POSTED: 01:30 a.m. HST, Mar 12, 2011
We avoided the big tsunami, but Gov. Neil Abercrombie urged residents to stay out of danger zones until he gave "competent authorization" to return.
That could be a bit of a wait, so in the meantime we'll "flASHback" on the week's other news that amused and confused, starting with a Legislature that came at us in waves:
» The House mostly ignored Abercrombie's proposals in drafting its budget, but the governor said it's just variations on themes and represents "the legislative process at its best." That's true. They can't do their worst until they get on the same page.
» House members voted to prohibit public urination and defecation in Waikiki. Don't you feel special that they left your neighborhood open for business?
» With the Akaka Bill for federal recognition of native Hawaiians stalled in Congress, state senators passed a local version to put Hawaiians on the road to self-government. It pioneers a new political status called Sovereignty Light.
» The House voted to extend a salary freeze on lawmakers for two years. Coming after a 36 percent pay raise, I'd say it's more of a little chill than a freeze.
» A measure moving through the Legislature would require each county's liquor commission to define dancing. They should just film Sen. Brickwood Galuteria explaining why his ethics bill allowed more freebies for legislators.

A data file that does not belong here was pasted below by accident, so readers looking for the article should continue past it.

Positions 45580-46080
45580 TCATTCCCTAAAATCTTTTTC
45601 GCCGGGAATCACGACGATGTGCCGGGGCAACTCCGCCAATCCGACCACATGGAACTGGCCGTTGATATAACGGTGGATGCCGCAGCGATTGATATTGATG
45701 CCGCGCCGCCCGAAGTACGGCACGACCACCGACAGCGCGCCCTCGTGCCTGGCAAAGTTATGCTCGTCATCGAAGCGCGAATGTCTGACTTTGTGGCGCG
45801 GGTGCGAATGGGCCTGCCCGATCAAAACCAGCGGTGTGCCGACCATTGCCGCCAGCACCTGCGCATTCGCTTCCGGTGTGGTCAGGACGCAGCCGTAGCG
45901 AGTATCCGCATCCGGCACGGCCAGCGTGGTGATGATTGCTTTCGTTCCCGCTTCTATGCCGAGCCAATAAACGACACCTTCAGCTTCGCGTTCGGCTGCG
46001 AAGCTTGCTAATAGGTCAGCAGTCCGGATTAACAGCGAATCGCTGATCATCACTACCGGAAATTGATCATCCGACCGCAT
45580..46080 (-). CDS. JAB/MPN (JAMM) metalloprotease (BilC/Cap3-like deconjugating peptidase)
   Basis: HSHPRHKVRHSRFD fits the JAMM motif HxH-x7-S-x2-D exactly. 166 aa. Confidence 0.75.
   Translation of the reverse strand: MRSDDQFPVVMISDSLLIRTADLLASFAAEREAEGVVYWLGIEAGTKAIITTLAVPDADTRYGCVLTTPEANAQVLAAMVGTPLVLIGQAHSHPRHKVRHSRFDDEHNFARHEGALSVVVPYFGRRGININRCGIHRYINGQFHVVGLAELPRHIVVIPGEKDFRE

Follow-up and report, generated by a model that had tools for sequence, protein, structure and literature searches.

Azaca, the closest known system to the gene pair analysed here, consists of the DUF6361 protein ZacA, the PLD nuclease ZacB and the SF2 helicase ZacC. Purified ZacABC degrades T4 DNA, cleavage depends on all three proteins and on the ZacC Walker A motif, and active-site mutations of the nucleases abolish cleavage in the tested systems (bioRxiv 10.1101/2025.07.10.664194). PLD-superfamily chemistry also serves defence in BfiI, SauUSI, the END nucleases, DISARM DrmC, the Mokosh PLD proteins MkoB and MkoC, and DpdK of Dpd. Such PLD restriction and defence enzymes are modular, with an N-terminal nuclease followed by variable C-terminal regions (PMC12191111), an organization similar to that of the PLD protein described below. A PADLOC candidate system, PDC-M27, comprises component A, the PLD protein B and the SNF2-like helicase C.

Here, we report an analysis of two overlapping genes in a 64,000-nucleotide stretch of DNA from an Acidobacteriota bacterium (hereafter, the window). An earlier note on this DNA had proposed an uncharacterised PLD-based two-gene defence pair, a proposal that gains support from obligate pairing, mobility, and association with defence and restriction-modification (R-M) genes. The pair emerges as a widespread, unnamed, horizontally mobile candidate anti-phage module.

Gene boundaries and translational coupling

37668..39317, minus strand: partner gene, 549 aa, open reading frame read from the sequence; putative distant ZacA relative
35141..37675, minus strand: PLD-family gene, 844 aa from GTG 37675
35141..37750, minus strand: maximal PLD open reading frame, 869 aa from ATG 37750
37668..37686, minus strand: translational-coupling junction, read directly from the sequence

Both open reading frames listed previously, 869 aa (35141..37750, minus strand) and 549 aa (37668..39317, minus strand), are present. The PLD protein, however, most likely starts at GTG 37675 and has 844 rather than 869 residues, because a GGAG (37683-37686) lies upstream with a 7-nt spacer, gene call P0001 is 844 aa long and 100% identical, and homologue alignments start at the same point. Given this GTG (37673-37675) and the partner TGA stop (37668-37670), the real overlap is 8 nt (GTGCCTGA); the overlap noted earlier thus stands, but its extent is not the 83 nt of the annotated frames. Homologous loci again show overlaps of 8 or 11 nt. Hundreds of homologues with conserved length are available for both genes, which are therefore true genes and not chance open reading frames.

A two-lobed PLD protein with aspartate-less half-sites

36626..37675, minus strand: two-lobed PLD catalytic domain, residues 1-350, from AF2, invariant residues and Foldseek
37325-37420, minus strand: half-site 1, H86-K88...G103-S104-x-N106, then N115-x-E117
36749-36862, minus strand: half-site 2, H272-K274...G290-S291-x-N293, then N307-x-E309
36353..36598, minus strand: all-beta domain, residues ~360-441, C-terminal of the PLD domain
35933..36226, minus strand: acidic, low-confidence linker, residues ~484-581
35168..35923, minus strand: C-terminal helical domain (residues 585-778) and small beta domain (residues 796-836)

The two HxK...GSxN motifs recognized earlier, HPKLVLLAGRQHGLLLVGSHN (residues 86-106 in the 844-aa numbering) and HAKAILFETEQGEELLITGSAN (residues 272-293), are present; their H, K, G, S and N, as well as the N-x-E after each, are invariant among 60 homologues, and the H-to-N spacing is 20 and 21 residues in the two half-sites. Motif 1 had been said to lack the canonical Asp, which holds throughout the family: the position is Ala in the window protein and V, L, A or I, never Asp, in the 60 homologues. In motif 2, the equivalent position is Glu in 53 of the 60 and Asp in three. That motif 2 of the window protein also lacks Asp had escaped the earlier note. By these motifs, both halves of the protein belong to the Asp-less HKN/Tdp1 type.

» The House approved a task force to study the feasibility of creating a state bank. Lawmakers hope to attract discerning customers who appreciate expert advice on mismanaging their finances.
» As silly as the idea might seem, Bank of Hawaii and First Hawaiian Bank must be getting nervous. How do you compete with a rival that provides overdraft protection from the Hurricane Relief Fund?
» State Land Director William Aila said he's still trying to figure out what kind of horse he is after Sen. Clayton Hee attacked him as more of a proud-cut gelding than a stallion. I'll bet you can guess what part of the horse he thinks Hee is.
» A national search by The New York Times found the happiest man in America right here in Hawaii. It was Mufi Hannemann after U.S. Sen. Daniel Akaka announced his retirement.
» While other public workers are being pressed to accept pay cuts to balance the budget, Honolulu Police Chief Louis Kealoha and Fire Chief Kenneth Silva are asking for raises of up to 22 percent. Who do they think they are, legislators?
And the quote of the week ... from Alvin Wong of Manoa, the real happiest man in America: "Have a sense of humor — especially about yourself. If you can't laugh at yourself, then you're going to have a hard life." It gets a little easier if you can laugh at others.